Letter to the Secretariat of the Bern Convention about the endangered status of Norwegian predators

Publiseringsdato: 11. mars, 1999

Secretariat of the Bern Convention
Directorate of Environment and Local Authorities
Environment Conservation and Management Division
Council of Europe, BP 431 R6
F 67006 Strasbourg, Cedex

Oslo, 3/11/1999

The endangered status of Norwegian predators is set politically, not professionally in the national red list

Bellona wishes to inform the Secretariat of the Bern Convention, that the Norwegian Directorate of Nature Management is basing the endangered classification of four large predators on political, not scientific motives. The Norwegian predators: bear, lynx, wolverine and polar fox are now classified as less endangered than a scientific evaluation – which it should have been based on – has concluded. Political pressure stemming from conflicts mainly about agriculture and culling-interests are the cause. We are familiar with the fact that the Norwegian “red-list”, where the official status of the endangered Norwegian predators is set, is under revision at the Directorate of Nature Management. Bellona therefore demands, as does the scientific community, that the revised list include the status of directly threatened for bear and polar fox and vulnerable for lynx and wolverine. Should this recommendation not be carried, it would be impossible to continue regarding the Directorate of Nature Management as a body that adheres to a scientific standard.

The National “red-list” exists to organise administrative efforts for different threatened species, where the more endangered species receive more protection. The present listed status of bear, lynx, wolverine and polar fox is not correct and means these threatened predators are not protected sufficiently in Norway. Bellona asks the Secretariat of the Bern Convention to scrutinise the case and determine whether the wrongly set official status and listing of these threatened predators entails that the Directorate of Nature Management is in defiance of the wording of the Bern Convention.

Determination of the degree of endangerment shall be a scientific evaluation
The correct knowledge of a species stock size, ecology and extent of endangerment is a necessary supposition for being able to have the justifiable management of a species, in particular where hunting and grants for culling, are current administrative features. It is a matter of course that management must be based on scientific investigations, results and facts concerning these conditions. In every country employing modern Wildlife Management, the authorities regularly distribute so-called “red-lists”– a survey of endangered species. The species are placed under different categories, depending on their extent of endangerment, and that placement is based on scientific knowledge concerning the reproductive status of the species within the country’s border, independent of size of stock and eventual positive management actions in neighbouring countries.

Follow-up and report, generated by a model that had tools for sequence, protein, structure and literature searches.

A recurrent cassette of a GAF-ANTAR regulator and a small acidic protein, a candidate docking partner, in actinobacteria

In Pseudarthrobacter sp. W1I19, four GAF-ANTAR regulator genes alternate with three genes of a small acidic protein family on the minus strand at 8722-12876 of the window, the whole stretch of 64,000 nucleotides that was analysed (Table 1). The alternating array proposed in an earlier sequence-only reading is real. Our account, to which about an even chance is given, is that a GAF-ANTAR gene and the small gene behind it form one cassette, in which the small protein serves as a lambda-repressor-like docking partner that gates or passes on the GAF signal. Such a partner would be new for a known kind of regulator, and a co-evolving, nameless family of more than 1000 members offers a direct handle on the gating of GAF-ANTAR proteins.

On commission for Norwegian management authorities and as a contribution to a revised “red-list,” The Norwegian Zoological Association (NZA) prepared a list of threatened mammals in Norway in 1996. It was based on scientific criteria. The Directorate of Nature Management (DN) published Störkersen (1996), the new “red-list”, later that year. Many of the threatened predators were adjusted further down the categories of endangerment, without presenting scientific facts that supported these changes. The reason is political; with pressure coming from local conflicts to do with livestock herds and hunting interests. The result is scandalous – a political, and not a scientific “red-list” for many of the threatened and endangered predator-species. The many millions of N.kr. spent on predator research in Norway under the direction of, amongst others, the Norwegian Institute of Nature Research (NINA), DN and some advanced colleges, are wasted in this way as long as that body of knowledge is not taken seriously.

Endangered status provides a premise for management